Students of Gilgit-Baltistan in Pakistan-occupied Kashmir have demanded reservation for them in India's elite educational institutions.
"We want quotas in the Indian Institute of Management, the Indian Institute of Technology and law colleges of India. India should not ignore us," said Shafquat Ali Inqlabi, a resident of Gilgit, told rediff.com.
Inqlabi and other 18 others are visiting India to participate in a conference organised by the New Delhi-based Institute for Conflict Management to discuss 'Alternative Futures' for Jammu and Kashmir on May 19-20.
Inqlabi says, "Indian maps always show Gilgit and Baltistan as part of India. The Constitution of India mentions that we are part of India. In your eyes, we are Indians and Pakistan has 'occupied' Indian territory. Then, why should we not get admissions in the IIMs and the IITs?" he says, adding, "I am an engineer, but now, I want to study law in the best of Indian law colleges. Help me get admission."
One of the demands made in a resolution unanimously passed by the conference -- which had the tacit support of Indian government -- says, 'The Government of India should provide openings in higher, professional and technical educational institutions to deserving students from Gilgit-Baltistan and Pakistan-administered Kashmir, who are denied necessary facilities for such education.'
The Karakoram University is the only institution for higher studies in Gilgit-Baltistan. The members of the delegation claimed that it does not have proper facilities.
Inqlabi, a political activist, says, "India should either accept us as Indians or give up claim on the territory."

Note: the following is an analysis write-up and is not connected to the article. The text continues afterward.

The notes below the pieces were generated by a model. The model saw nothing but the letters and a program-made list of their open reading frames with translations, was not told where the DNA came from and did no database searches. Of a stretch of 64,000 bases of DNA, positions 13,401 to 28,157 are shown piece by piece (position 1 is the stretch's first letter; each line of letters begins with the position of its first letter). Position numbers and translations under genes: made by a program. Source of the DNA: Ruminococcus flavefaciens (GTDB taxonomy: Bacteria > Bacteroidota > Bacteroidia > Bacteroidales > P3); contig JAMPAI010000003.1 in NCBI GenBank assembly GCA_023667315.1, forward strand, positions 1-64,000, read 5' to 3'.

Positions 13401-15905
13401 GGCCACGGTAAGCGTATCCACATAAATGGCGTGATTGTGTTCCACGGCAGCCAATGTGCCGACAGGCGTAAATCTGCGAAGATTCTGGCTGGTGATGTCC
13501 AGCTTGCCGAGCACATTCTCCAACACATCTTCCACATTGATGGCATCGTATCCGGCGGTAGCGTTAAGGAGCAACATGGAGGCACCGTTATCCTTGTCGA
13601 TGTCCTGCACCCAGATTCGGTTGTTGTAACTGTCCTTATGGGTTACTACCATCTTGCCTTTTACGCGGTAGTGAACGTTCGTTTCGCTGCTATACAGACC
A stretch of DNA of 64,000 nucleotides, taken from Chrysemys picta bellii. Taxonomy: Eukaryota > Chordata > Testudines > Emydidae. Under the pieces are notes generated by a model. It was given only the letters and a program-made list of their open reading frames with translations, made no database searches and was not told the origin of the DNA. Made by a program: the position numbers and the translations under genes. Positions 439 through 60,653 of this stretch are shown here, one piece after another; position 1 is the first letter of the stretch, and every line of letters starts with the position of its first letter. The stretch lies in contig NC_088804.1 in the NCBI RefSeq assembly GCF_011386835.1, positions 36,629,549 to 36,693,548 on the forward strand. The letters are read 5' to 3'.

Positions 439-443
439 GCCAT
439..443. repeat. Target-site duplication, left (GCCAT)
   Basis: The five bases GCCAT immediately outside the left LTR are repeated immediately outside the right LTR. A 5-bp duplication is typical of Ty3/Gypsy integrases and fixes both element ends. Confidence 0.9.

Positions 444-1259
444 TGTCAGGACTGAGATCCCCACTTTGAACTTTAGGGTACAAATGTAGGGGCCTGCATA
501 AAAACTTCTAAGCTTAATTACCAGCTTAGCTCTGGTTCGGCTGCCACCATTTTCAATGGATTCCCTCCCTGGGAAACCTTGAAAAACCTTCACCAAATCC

In view of the All Party Hurriyat Conference's rejecting Prime Minister Manmohan Singh's invitation to attend the second roundtable conference on Kashmir, the conference presented the ground realities about the future of Kashmir.
Also See: Securing a lake for the PM
Editor of Public Opinions and Trends Sushant Sareen says, "The prime minister's roundtable on Kashmir has shown that there is no uniformity of views amongst Kashmiris. The region carries a multiplicity of views. Hurriyat, which is a non-entity, is getting attention it doesn't deserve. It's high time the people of Gilgit-Baltistan, who have been denied rights by Pakistan, and the people of PoK get our attention."
Dr Ajaya Sahni, who organised the meeting, said, "Unfortunately, discussions on Kashmir are overwhelmingly defined by people who resort to terrorism. People who are displaced, marginalised and the voices of non-violence are neglected. Now is the time to respect those voices that have rejected terrorism."